School Board Know-How, Town Board Hopes

This is the first in a series of articles following local candidates on the campaign trail.
Kathee Burke-Gonzalez, who is running for a seat on the East Hampton Town Board, with Afton DiSunno, a town trustees candidate, spoke with John O’Connor outside the Amagansett Post Office on Monday. Stephen J. Kotz

    Despite a forecast for rain, as Kathee Burke-Gonzalez, a Democratic and Working Families candidate for East Hampton Town Board, set up camp in front of the Amagansett Post Office over the lunch hour on Monday, the skies were blue, and an Indian summer breeze warmed the air and her mood.

    “This is the best part of campaigning,” said Ms. Burke-Gonzalez, who clutched a stack of pamphlets as she prepared to greet voters. It is a task she has repeated almost daily for months at post offices, grocery stores, and other gathering places across town.

    On Monday, as she often is, Ms. Burke-Gonzalez was accompanied by Afton DiSunno of Northwest Woods, who is running for town trustee on the Democratic ticket. “We’re here to bring a little girl power to town government,” Ms. Burke-Gonzalez said.

    Despite the occasional grousing from people who say they do not want to be bothered by the candidates, most people are genuinely friendly, she said.

    “You learn to read their body language,” Ms. Burke-Gonzalez said, explaining that after a couple of months on the campaign trail, she’s become adept at knowing when someone is simply not interested in stopping to chat or even taking one of her brochures. In those cases, she offers a “Have a great day!” and turns her attention to the next prospect.

    Most people, though, offer encouragement, and some are eager to bend her ear about an issue that is important to them. On this day, John O’Connor of Springs wanted to know what Ms. Burke-Gonzalez’s position was on a proposal out of Town Hall to limit the number of work trucks that can be parked at private houses. The move has been suggested as a way to rein in the commercialization of residential neighborhoods.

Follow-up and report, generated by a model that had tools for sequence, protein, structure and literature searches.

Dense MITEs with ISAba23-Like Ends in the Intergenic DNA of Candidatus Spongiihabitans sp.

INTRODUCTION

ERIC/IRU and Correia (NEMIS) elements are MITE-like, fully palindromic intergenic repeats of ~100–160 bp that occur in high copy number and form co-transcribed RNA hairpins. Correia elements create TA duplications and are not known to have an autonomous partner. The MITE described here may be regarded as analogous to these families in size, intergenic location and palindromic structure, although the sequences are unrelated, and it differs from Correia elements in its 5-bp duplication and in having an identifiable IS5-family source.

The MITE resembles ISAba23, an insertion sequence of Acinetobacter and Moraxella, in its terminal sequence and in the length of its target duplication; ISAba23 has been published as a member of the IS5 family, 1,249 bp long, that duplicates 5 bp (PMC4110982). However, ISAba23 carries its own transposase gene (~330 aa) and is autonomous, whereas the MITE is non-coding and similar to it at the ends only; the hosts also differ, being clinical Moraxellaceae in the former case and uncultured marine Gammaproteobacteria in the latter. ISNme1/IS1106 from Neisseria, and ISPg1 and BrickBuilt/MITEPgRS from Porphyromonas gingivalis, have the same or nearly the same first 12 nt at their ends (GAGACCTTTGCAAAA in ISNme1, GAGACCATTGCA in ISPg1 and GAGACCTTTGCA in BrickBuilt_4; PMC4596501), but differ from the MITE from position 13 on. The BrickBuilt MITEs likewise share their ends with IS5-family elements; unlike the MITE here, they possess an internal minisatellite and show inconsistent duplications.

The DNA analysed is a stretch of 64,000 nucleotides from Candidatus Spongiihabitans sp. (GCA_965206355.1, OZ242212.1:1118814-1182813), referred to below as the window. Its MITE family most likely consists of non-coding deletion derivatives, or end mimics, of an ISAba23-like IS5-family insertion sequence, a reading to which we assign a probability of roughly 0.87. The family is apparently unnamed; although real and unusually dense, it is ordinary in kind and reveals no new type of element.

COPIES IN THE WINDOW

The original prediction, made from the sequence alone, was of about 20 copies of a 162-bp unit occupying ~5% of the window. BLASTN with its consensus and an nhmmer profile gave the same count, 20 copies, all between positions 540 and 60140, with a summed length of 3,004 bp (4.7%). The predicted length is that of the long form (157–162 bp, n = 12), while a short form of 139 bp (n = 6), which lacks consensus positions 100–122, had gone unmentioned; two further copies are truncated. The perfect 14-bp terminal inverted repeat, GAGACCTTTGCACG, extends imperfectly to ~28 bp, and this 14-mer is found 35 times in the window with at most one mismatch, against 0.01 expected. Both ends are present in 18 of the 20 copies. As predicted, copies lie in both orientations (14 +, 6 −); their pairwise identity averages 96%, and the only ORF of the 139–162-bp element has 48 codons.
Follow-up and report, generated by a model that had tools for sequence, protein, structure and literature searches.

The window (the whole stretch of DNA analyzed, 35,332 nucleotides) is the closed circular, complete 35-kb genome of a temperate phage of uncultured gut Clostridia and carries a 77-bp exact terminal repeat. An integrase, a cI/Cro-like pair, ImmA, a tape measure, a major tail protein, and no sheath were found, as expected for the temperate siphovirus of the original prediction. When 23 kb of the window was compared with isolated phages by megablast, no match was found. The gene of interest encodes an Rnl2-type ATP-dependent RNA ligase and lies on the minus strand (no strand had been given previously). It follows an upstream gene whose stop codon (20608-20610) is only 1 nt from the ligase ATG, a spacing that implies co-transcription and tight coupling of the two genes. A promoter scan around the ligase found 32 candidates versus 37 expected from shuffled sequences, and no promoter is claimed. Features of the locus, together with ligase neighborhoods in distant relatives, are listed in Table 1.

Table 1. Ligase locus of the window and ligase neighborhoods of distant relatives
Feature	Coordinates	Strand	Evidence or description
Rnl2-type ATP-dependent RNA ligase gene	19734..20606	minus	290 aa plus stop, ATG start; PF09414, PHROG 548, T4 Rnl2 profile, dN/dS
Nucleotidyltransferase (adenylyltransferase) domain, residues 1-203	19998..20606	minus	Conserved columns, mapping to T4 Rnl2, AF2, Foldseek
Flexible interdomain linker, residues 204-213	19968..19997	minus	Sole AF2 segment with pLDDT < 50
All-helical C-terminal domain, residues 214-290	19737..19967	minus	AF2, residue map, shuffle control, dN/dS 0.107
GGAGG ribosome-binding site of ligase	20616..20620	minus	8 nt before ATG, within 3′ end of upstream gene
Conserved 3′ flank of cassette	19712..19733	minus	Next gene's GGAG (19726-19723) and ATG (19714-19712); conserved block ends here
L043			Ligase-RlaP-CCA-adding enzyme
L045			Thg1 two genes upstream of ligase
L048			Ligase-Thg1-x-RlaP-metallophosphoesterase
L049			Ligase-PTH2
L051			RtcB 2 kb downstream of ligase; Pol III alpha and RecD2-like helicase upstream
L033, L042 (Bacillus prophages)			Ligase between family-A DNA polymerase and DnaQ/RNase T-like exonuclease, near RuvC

Mr. O’Connor said he had talked to young workers living in the community. “A couple are scared to death,” he said. Mr. O’Connor, who said there can be as many as five vehicles parked at his own house by various family members at any given time, said the legislation was misguided. “We’re talking about private property,” he said.

    As she typically does, Ms. Burke-Gonzalez offered a measured response, saying it was essential to first gather the facts by bringing together the town attorney, code enforcement officers, and representatives of the community to reach a solution through consensus that will clean up problem areas but not have unintended consequences.

    When another woman asked her to give one reason “why I should vote for you above all other candidates,” Ms. Burke-Gonzalez offered a similar answer, telling her that she would be deliberate in her decision-making, gathering the facts before jumping to conclusions.

    Still, others asked if there was anything she could do to eliminate the new fence that flanks the sidewalk at the Amagansett Post Office. Sorry, she told them, that was a matter that was strictly between the Postal Service, a federal agency, and the landlord.

    “I’m not a politician,” she said later, in offering one of her few sound-bite answers. “I’m a public servant.”

    Ms. Burke-Gonzalez was raised in Valley Stream, and studied marketing and management at Siena College. She worked for 14 years with Rav and Associates, an advertising agency in Water Mill, before moving to Blumenfeld + Fleming, a Montauk agency, where she is a part-time account executive.

    Ms. Burke-Gonzalez, who is making her first bid for townwide office after serving for nine years on the Springs School Board, the last two as board president, insists that there was no single issue that galvanized her to run.

    “While on the school board I learned that I really enjoyed public service,” she said. Although she thought about running in 2007, her children, Burke, 15, and Nina, 13, were too young at the time for her to make a commitment.

    Her husband, Joe Gonzalez, is a bartender at Rowdy Hall in East Hampton and often works nights, so when she attended school board meetings those first few years, she had to hire a babysitter. Now that her children are older, she said she can spare the time.

    Plus, she added, “I want my daughter to see me out of my comfort zone every day because I want her to grow up to be a strong and confident woman.”